Addicts & Government – Shutdown Day Three

First, let me just express my outrage at the Obama administration for sending the National Park Service to barricade the WWII monument in Washington, D.C. Lest you (and you know who you are) cry out about my intolerance of the administration, I’d like to point out that many other monuments and exhibits have been left open – precisely because they are open. No gates, no doors, no fences and have been like that for years.

This administration went out of it’s way to close the WWII memorial and actually put up fencing to keep people out. Wrong crowd to mess with, Barack. Did you really think that the guys who stormed the beaches at Iwo Jima and dropped out of the skies in Remagen would be stopped by some fencing? If I lived in the area I’d take a week off and do my bit for civil disobedience at the monument every day.

There is a vindictive and mean streak in this administration that wants to punish the public and turn every thing that happens into the fault of the Republican party. I’m anything but a fan of the Republican party, and if you’ve read this blog for any length of time that’s pretty obvious. The same kind of mendacity that led to threats to slow down air traffic in the wake of the government’s sequester – a device proposed by the administration but still blamed on the House of Representatives -led to the blocking of the Greatest Generation in their visits to the memorial.

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We’ve now gone almost four years without a budget. Let’s see, that dates back to when one party took control of the White House and the Senate. Strange how that worked.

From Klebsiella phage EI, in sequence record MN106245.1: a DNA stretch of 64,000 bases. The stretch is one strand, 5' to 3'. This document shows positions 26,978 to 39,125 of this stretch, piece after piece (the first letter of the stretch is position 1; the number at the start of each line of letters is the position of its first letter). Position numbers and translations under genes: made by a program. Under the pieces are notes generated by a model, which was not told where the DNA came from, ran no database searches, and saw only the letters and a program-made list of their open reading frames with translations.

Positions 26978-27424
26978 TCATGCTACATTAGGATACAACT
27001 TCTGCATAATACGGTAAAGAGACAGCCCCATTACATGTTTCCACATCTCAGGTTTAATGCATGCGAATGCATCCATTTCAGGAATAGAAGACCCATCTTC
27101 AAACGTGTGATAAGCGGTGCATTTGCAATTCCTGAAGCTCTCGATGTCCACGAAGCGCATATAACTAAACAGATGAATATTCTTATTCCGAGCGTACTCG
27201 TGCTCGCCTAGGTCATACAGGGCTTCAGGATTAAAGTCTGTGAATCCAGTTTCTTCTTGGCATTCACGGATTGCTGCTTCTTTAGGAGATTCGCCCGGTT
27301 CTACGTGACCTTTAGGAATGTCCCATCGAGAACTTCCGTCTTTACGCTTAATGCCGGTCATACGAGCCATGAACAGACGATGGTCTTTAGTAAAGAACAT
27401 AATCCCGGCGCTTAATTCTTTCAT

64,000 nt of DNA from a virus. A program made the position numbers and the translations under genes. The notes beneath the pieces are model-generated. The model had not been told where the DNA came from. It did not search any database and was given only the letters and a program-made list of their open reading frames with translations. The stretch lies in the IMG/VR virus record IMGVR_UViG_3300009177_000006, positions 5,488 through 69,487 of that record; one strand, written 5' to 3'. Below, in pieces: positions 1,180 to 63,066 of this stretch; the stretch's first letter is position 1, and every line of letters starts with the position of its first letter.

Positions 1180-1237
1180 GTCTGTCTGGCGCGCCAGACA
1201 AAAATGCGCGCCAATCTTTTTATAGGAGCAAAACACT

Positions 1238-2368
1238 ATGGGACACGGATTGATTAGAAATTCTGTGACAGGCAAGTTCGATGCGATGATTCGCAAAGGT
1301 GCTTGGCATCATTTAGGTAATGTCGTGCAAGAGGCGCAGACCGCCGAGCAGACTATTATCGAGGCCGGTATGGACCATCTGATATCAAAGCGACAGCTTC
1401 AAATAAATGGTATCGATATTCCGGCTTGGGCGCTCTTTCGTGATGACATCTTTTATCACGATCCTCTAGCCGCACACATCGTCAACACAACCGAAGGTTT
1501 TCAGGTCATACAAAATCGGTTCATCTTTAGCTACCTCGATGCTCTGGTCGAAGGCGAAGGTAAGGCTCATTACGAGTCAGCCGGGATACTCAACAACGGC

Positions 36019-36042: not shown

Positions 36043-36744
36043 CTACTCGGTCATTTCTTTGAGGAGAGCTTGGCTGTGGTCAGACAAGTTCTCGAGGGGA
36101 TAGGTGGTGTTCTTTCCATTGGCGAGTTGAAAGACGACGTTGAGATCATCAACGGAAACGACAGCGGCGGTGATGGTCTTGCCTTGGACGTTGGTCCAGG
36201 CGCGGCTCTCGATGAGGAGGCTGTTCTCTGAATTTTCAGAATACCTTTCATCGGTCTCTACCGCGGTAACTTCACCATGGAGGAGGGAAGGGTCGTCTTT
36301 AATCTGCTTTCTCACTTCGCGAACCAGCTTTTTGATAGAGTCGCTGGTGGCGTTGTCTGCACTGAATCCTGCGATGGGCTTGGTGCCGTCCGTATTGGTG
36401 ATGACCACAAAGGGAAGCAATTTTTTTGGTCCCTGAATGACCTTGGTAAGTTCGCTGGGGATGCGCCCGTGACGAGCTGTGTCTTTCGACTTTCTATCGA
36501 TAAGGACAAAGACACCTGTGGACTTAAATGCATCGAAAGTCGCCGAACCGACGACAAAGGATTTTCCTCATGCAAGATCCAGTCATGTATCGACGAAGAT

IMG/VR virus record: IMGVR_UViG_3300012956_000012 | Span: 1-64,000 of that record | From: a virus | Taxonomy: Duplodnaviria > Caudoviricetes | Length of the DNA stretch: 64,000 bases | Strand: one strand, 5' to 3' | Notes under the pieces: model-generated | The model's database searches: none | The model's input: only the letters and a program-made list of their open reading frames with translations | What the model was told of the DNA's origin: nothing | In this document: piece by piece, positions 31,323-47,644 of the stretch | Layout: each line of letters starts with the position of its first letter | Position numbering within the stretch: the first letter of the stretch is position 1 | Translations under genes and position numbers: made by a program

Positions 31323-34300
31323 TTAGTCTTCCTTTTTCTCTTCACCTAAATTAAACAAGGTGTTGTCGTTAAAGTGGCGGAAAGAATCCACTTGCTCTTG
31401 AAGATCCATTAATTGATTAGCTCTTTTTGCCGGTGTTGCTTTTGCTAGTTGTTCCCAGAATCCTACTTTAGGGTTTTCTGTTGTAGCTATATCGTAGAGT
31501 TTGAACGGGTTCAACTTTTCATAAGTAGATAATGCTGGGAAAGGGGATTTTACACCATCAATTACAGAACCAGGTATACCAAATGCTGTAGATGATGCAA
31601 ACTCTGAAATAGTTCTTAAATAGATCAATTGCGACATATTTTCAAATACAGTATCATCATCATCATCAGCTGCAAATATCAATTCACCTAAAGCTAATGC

My title for the blog today is descriptive of my frame of mind here. I’ve had several comments (all deleted) about how horrible the shutdown is, and how it hurts us all. It sounds more than a little bit like the soundtrack to an episode of Intervention.

The argument, and it’s a terrible one, is that we’re dependent on the flow of money and services from the government and anything that slows that down, or stops it, will hurt everyone in the nation. I’ll gladly admit that it does hurt some people – people that need a passport, government employees, people applying for new benefits or immigration changes, etc. But when the government classifies 1,100,000 employees as nonessential, I have a bit of a problem with the whole issue.

We, the American people, have become addicted to free stuff. At all levels of government. And when the whining starts about the layoffs and lack of paychecks for government workers I am sympathetic for those that work hard and have lost their check. I am, however, all too aware of how it goes in the private sector – same thing but it’s permanent.

I can’t imagine my employer having 1,100 extra employees for more than about the time it takes to lay them off. Nor can most people that work for private corporations. We, the ones who pay for government, don’t have the luxury of what amounts to perpetual employment.

There are many good and noble employees of the Federal Government. As a matter of opinion, I’d venture to say that most of them are pretty good citizens with their hearts in the right place. But the government continues to grow faster than any other employer. More things all the time. More duplication and waste all the time. And it has to stop somewhere.

The government shutdown is not the ideal way to address the issue of government size and waste. But the cowardice shown by our alleged leaders (on both sides of the aisle) in my lifetime prevents any rational debate of the topic. People bemoan the Tea Party – and yet they are not radicals. They are more like the founders of this country than either of the two major parties. Good government is not synonymous with big government. Good government is a lean device that takes the least treasure and freedom from the hands of the citizens. It is a government that does not intrude into the private affairs of its citizens, and instead works to protect them from crime and war. It is not the device (at the federal level) to regulate schools, oatmeal production, and school loans.

We, like the people in that episode of Intervention, have for so long just handed more money to the addict that we see no other option. The addict becomes more ill every day and we become less well and wealthy. Only when we cut off the addict and quit feeding the habit does everyone get better.

It is time to cut off the addict. Let’s get this poor wretch into a rehab facility and get them clean and sober. It’s all of us who benefit from that step towards recovery.

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